3. You are understood more than you can even realize. I had no idea how much my family was affected until my husband begged me to do something. Remembering that makes it easier to keep taking the medication.

  4. WOW. first I appreciate and greatly respect your courage to talk about this. I’m on anti-anxiety medicines also (though not pregnant), but I do have concerns some day when my husband and I have kids it will be hard and I may need it again…thanks for breaking the stigma! I really love your honesty on a hard topic!

  5. Very nice Mrs. Beck. I think alot of folks think medication is more of a harm than good because of the physical, emotional, and psychological dependency it can have on a person. That is beside the alien nature of it to our bodies. But hey, we gotta make it through some challenging days…every day and anyway, the best way to forget about the fact that you’re taking medication is to be compliant!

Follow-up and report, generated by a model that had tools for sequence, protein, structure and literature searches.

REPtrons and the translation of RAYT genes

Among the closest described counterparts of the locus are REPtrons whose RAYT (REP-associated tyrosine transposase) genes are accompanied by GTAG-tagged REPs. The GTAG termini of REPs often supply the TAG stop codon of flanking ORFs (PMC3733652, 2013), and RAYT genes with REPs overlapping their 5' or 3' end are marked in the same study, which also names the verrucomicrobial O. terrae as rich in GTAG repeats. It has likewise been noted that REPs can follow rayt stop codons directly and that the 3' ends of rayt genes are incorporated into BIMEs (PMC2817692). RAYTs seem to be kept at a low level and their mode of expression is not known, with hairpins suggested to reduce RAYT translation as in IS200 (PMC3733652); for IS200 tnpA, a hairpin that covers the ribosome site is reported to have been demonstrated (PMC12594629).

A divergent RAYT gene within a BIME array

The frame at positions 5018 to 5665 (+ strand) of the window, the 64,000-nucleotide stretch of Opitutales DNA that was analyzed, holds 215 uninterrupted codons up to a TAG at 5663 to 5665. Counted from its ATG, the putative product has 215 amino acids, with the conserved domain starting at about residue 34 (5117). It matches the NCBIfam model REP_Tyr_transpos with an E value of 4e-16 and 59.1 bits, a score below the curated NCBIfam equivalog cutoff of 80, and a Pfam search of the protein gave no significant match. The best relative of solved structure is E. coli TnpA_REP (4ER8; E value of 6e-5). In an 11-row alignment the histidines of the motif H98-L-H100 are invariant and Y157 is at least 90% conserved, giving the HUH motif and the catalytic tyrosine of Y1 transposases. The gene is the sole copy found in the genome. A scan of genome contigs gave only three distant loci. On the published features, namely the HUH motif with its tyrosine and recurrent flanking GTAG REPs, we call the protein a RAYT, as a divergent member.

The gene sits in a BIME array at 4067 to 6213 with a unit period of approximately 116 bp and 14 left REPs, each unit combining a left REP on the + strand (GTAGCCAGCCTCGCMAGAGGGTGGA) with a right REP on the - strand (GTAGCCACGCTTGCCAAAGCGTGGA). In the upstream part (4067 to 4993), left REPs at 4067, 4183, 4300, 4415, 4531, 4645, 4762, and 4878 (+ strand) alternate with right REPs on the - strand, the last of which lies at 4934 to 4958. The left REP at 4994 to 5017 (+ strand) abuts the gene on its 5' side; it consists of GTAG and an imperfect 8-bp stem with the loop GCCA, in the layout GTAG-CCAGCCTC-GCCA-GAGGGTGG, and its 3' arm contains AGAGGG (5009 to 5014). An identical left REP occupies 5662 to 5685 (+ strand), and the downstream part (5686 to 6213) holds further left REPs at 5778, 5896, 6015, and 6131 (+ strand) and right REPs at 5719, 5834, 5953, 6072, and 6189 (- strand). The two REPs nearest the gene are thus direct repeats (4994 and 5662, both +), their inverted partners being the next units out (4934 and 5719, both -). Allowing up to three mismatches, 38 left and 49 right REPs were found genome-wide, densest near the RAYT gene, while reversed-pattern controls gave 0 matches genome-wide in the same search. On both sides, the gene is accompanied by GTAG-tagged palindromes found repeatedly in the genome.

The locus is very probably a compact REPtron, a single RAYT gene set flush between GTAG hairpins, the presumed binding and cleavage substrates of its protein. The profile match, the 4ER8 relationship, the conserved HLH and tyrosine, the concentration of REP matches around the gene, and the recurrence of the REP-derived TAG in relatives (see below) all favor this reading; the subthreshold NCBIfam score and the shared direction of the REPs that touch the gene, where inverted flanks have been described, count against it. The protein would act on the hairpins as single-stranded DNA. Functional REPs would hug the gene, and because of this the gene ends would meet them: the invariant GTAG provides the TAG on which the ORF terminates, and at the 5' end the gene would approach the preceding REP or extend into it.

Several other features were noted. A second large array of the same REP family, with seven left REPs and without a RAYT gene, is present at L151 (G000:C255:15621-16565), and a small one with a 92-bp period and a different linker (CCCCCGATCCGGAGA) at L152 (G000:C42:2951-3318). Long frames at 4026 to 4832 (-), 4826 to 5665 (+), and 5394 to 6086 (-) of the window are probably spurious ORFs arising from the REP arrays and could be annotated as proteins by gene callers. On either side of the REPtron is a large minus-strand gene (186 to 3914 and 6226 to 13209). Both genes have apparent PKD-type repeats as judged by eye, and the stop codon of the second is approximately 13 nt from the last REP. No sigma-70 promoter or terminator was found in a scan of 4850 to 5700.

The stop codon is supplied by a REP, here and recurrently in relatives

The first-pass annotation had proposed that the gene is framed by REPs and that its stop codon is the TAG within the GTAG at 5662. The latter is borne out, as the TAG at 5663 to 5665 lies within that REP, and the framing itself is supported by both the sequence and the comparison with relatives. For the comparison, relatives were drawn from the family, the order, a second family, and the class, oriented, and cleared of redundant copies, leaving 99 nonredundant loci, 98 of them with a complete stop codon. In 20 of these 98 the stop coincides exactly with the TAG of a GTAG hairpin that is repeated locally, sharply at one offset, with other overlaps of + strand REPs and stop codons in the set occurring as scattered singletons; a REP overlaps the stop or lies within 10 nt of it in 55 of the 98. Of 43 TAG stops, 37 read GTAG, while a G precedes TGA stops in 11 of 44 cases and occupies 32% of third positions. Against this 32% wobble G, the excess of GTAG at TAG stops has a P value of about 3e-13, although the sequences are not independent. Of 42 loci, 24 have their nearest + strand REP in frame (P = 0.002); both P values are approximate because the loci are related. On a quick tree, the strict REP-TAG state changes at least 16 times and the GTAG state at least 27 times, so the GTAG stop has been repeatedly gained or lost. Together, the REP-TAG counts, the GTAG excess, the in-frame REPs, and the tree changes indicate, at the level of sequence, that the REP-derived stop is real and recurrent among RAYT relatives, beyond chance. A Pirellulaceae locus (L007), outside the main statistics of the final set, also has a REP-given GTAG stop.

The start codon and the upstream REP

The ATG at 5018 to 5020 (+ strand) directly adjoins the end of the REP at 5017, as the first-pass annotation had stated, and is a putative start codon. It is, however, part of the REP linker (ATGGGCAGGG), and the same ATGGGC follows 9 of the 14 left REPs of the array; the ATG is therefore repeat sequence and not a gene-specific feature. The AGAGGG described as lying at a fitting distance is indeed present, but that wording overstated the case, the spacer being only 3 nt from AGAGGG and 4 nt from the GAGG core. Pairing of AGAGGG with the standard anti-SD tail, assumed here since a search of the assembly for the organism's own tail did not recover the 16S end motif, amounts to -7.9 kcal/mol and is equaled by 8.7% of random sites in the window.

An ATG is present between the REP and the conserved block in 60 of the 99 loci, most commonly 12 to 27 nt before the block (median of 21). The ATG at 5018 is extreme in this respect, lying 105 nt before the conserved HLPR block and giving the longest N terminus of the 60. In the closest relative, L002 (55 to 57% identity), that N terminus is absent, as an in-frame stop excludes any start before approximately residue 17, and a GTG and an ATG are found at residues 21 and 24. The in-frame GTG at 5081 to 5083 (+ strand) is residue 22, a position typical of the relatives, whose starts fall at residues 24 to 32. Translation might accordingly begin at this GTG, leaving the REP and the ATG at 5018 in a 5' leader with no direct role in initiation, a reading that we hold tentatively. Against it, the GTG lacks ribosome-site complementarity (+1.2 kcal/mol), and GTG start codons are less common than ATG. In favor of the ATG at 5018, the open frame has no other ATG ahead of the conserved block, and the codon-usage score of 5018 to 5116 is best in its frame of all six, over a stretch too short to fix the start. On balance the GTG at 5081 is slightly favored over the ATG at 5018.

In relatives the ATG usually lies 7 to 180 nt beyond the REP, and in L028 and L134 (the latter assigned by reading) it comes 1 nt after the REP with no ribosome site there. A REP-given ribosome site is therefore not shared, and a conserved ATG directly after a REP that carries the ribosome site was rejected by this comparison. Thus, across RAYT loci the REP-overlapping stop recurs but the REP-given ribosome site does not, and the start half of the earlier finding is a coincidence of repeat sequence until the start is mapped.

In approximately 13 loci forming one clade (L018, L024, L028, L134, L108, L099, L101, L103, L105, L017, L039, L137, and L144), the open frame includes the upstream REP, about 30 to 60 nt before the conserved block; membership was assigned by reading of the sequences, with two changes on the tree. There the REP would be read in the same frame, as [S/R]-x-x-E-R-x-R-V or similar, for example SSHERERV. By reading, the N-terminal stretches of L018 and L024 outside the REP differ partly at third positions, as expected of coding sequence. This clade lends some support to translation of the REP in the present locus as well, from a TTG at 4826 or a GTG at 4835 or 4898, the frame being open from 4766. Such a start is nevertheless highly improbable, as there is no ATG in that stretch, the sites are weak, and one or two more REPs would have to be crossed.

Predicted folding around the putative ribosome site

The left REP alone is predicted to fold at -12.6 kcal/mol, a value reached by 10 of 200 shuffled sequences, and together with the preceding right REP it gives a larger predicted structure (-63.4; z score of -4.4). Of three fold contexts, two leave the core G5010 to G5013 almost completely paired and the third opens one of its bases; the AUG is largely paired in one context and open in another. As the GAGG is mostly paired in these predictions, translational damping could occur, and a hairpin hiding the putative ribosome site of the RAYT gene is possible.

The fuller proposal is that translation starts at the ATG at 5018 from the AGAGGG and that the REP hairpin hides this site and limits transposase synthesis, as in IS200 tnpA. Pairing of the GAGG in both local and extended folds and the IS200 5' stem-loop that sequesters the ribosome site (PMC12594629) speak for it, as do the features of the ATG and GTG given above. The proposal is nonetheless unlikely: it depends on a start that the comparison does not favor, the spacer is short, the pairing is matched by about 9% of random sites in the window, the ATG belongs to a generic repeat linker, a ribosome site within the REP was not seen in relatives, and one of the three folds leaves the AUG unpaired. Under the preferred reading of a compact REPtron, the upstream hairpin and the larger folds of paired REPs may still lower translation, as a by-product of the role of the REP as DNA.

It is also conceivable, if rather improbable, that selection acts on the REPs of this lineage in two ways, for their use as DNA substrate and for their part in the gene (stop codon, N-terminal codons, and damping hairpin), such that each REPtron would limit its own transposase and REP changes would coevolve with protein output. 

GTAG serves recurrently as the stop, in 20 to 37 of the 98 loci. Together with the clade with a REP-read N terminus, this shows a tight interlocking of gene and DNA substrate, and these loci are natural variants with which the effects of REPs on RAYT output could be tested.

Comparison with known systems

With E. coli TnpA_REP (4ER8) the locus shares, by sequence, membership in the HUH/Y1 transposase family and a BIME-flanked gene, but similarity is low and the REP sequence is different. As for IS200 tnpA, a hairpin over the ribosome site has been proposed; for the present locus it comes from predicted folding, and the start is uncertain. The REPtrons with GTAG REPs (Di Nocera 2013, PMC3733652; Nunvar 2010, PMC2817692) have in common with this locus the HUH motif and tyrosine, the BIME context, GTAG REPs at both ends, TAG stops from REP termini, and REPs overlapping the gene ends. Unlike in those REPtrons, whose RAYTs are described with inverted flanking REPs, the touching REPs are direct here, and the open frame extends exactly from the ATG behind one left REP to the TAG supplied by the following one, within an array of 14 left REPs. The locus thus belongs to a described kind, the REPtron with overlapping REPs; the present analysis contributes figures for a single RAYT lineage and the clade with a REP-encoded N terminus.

Thanks for sharing. Rock on!

    • @ Barb- thank you for your willingness to tell me that you understand. That means a lot.
      @Patty- You are welcome! It is a good thing- not a bad thing- to talk about these issues. I’m grateful that you joined in the conversation.
      @ Evan- I completely agree with what you said. I agree- it is VERY important to be compliant and accept a diagnosis, even as we heal and see improvement!

  6. raw. beautiful. sincere. wonderful post. I am so happy this pregnancy is going so much better. I am looking forward to the spiritual journey that He brings through all this. Love you friend.

  7. Thank you for sharing in such a real, honest, and unintimidating way. I have had some on and off depression / anxiety this year and it has been hard to accept. Conversations like this one bring the subject out into the light. Thank you!